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Thursday, 24 December 2015

President: Poland will pursue pro-European policy

  |   Interview for the German "Der Spiegel" weekly Interview for the German "Der Spiegel" weekly Interview for the German "Der Spiegel" weekly

President Andrzej Duda has told the German "Der Spiegel" weekly that Poland will continue a pro-European policy. He declared his readiness to continue good relations with Germany but pointed out Berlin's lack of solidarity regarding the Nord Stream gas pipeline.


In an interview with the "Der Spiegel" weekly the Polish president criticised European Parliament head Martin Schulz for suggesting that the situation in Poland "carried the signs of a coup d'etat".


He stressed that many Poles received Schulz's words as a gross exaggeration and even "offensive to Poland and Polish citizens." Duda added that Schulz was a "leftist politician", belonging to a different political mainstream than the conservatives who won a recent general election in Poland. "I treat his comments as part of a political dispute, this is a part of politics," stated the president.


Andrzej Duda said that there was a dispute going on in Poland on the shape of the state. In his opinion recent demonstrations in Poland testified that "democracy was alive".


Speaking on international affairs, the president stressed: "We will pursue a firm pro-European policy. Poles want to be in the EU, they are aware of the benefits (resulting from EU membership) for our country.".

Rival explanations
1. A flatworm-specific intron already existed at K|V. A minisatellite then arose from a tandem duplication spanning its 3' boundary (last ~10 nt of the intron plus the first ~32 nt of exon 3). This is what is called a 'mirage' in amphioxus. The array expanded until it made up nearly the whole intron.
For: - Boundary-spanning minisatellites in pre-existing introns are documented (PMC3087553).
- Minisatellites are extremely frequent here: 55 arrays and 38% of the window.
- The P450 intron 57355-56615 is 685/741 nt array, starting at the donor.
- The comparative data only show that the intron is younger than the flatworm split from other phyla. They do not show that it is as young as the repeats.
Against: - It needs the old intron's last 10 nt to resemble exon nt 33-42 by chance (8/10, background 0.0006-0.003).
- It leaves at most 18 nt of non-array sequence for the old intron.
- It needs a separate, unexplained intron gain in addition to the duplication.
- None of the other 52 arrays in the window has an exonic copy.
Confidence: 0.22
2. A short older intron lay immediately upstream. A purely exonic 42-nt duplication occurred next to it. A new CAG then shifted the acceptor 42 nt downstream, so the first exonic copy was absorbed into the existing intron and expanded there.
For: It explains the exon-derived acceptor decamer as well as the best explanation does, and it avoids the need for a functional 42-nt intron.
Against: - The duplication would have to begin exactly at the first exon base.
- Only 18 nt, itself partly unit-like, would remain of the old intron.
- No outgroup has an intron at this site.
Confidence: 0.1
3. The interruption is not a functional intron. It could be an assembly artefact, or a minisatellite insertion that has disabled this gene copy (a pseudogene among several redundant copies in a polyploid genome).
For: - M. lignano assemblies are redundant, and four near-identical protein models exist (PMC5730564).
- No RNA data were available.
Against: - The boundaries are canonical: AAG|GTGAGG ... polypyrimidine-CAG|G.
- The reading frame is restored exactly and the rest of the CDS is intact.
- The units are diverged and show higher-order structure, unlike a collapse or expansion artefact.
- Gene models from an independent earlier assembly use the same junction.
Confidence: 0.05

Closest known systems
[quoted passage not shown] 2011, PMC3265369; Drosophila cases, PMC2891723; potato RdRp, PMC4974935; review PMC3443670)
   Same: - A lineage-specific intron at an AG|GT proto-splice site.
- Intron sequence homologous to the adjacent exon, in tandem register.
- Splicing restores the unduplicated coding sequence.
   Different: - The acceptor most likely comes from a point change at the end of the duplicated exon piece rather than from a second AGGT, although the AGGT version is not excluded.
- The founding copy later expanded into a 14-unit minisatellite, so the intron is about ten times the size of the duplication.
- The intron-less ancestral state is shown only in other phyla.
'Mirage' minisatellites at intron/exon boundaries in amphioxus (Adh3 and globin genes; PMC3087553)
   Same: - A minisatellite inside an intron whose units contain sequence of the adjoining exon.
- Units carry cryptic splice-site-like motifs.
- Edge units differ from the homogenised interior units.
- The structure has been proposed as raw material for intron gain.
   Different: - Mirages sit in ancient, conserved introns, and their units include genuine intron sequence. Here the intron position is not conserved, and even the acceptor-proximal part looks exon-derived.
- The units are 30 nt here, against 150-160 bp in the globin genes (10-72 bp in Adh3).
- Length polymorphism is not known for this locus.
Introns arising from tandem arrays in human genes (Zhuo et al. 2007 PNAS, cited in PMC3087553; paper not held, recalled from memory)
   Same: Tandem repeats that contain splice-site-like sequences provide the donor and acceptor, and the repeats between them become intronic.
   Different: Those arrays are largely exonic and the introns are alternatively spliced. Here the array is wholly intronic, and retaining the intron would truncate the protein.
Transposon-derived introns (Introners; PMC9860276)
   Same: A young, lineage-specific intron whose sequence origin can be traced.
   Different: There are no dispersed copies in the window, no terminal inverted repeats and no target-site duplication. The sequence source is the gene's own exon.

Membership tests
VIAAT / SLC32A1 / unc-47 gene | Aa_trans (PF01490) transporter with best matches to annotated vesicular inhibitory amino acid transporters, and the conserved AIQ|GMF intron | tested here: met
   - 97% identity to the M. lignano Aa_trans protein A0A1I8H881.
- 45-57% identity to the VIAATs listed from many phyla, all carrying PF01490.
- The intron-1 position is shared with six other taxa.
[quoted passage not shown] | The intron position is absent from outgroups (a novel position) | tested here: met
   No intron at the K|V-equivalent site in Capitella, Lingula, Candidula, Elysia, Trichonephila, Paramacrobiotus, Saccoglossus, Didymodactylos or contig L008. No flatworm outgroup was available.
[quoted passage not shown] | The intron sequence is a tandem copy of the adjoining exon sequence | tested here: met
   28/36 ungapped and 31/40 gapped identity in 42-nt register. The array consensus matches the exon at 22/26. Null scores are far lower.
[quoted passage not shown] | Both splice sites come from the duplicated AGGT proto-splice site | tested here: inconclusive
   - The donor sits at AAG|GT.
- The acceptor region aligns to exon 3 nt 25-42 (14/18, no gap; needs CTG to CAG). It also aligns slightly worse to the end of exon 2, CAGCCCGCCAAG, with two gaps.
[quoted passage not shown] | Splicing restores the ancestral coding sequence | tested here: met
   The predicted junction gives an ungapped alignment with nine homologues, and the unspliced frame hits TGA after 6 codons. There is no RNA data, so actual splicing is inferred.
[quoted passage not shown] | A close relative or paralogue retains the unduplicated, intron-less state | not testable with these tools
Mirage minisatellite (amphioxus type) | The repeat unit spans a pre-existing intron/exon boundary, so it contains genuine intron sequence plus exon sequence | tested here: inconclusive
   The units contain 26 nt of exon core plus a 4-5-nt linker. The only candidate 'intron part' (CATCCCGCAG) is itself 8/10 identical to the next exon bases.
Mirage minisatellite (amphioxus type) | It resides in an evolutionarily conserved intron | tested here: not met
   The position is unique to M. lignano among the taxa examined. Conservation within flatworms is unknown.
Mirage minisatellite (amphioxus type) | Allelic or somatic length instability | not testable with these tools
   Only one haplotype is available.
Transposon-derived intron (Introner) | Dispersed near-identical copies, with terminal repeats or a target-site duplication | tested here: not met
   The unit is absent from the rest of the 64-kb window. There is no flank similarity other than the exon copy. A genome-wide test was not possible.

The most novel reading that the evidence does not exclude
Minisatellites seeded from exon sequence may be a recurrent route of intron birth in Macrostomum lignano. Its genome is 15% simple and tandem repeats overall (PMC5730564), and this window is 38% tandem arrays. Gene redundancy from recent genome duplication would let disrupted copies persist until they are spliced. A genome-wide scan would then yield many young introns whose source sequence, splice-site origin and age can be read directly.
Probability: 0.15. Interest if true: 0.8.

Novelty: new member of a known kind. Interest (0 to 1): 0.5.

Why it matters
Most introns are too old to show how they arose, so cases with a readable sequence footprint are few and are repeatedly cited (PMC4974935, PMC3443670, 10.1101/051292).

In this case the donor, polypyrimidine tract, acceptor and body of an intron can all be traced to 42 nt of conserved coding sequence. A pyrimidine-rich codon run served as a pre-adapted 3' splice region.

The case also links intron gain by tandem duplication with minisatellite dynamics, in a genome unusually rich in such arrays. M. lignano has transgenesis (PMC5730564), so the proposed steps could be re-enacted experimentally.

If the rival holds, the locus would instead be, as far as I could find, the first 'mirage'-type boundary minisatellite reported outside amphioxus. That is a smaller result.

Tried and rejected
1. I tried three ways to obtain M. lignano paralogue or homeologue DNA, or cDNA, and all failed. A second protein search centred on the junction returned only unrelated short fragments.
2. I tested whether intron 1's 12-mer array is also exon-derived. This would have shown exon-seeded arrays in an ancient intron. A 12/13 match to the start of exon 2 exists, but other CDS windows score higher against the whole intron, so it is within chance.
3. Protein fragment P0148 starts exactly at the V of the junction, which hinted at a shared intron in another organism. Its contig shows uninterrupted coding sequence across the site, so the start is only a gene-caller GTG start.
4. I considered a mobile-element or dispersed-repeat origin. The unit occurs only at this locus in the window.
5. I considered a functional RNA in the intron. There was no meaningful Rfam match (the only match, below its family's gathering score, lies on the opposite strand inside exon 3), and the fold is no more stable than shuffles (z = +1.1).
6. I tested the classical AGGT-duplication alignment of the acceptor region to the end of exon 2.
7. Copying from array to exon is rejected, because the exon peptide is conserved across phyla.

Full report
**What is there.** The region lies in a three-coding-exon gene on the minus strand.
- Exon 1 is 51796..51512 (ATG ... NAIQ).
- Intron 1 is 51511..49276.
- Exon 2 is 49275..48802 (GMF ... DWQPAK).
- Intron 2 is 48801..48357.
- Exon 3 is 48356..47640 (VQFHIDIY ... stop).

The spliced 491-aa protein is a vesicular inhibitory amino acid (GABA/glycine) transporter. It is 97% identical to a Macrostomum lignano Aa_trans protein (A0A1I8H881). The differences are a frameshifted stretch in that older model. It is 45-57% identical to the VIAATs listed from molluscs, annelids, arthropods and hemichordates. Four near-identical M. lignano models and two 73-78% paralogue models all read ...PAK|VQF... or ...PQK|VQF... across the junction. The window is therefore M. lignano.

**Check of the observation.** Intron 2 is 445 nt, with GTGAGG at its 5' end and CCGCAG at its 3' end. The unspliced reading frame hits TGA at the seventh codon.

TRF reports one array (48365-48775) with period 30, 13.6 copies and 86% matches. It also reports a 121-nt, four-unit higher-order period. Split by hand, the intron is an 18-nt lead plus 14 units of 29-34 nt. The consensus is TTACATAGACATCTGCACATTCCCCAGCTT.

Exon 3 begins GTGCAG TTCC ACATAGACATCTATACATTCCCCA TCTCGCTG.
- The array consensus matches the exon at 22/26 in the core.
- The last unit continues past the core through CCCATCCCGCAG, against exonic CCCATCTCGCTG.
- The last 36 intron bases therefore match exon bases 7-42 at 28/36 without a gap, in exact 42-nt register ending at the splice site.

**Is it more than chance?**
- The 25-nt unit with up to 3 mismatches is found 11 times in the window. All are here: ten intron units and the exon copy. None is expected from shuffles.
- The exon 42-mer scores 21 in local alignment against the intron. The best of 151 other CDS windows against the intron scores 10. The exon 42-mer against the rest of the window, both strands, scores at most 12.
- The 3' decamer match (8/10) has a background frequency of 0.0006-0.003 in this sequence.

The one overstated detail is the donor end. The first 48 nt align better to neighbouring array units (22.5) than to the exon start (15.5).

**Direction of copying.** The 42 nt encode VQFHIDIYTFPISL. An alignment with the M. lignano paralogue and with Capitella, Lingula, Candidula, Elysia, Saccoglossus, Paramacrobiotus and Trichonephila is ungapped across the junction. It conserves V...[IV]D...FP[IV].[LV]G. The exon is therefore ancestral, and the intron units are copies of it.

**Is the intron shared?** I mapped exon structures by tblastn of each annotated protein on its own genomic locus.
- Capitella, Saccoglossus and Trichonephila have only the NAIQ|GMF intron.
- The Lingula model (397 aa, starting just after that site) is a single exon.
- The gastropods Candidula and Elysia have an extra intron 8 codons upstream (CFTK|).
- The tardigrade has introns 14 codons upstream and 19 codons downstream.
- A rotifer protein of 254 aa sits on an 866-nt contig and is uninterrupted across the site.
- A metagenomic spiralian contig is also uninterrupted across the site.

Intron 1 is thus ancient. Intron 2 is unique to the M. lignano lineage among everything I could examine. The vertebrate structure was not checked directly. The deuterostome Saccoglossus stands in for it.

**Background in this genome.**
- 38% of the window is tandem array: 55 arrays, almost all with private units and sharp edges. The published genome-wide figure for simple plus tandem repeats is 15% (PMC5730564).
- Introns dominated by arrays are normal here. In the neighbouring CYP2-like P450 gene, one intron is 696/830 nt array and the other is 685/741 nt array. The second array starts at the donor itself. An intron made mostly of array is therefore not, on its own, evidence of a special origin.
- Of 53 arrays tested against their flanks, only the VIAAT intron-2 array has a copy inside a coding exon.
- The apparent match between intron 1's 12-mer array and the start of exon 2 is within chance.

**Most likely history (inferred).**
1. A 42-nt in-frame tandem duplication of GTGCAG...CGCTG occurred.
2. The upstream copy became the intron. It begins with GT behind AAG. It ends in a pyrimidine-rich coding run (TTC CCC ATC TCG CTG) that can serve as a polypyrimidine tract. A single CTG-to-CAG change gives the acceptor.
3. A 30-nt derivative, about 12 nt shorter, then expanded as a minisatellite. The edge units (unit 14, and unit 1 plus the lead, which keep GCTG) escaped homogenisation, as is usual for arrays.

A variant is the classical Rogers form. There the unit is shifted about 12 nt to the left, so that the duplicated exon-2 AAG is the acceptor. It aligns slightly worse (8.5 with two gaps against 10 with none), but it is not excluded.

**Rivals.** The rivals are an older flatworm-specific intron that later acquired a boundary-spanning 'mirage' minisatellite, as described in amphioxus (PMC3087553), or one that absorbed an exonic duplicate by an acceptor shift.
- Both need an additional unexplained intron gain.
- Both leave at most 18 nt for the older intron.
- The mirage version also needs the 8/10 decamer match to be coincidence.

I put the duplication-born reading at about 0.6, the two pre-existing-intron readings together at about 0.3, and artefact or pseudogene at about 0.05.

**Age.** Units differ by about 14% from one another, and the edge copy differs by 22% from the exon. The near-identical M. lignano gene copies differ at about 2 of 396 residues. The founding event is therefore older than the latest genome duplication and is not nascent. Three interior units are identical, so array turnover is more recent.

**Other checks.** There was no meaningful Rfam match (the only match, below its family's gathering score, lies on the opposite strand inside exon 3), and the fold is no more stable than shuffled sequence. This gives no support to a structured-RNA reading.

Andrzej Duda added that allegations suggesting Poland's anti-Europeanism were unfounded and pointed out that in fact it was "certain Western European politicians who wanted to restrict the free movement of persons in Europe and were therefore attacking a key principle of the EU. Such statements are, in my opinion, anti-European," said the president.


He added that Poland wanted to contribute to the better protection of EU's external borders.


Asked whether Poland will accept seven thousand refugees, Andrzej Duda said that Poland was ready to accept "anyone in need of protection" but added that "so far almost no one voluntarily came here (to Poland)," and that the majority of migrants "has moved on to Germany."


The president stressed that migrants will "under no circumstances" be held in Poland against their will and assured that "those who come voluntarily and are in danger, will be protected."


Andrzej Duda said that Poland was not a country that only received EU help, but also a „contributor”. He explained that Western companies benefited from Poland’s presence in the EU. "We also have received Ukrainian citizens fleeing war," the president added.


Asked about the deterioration of Polish-German relations in 2005-2007, the president said it was "an invention of the media." In this context he noted that his second foreign visit after taking office had been to Berlin.


"I had good talks. It is certain that Germany is an important partner with whom we want to have best relations." In reference to the Nord Stream 2 project Andrzej Duda admitted that Poland had expected more solidarity on Germany's part. "I am openly saying: we had hoped for greater solidarity on the part of the Germans", Andrzej Duda said.


The Polish president expressed concern that "not only Germany but also other countries" will return to "business as usual" in their relations with Russia, and will want to lift sanctions. The president observed that this position was being represented in the European Parliament by, among others, Austria and Italy.


"Until stable peace is not a fact in Ukraine, sanctions must remain in force. This is consistent with the security interests of the whole of Europe," said the Polish president. (PAP)

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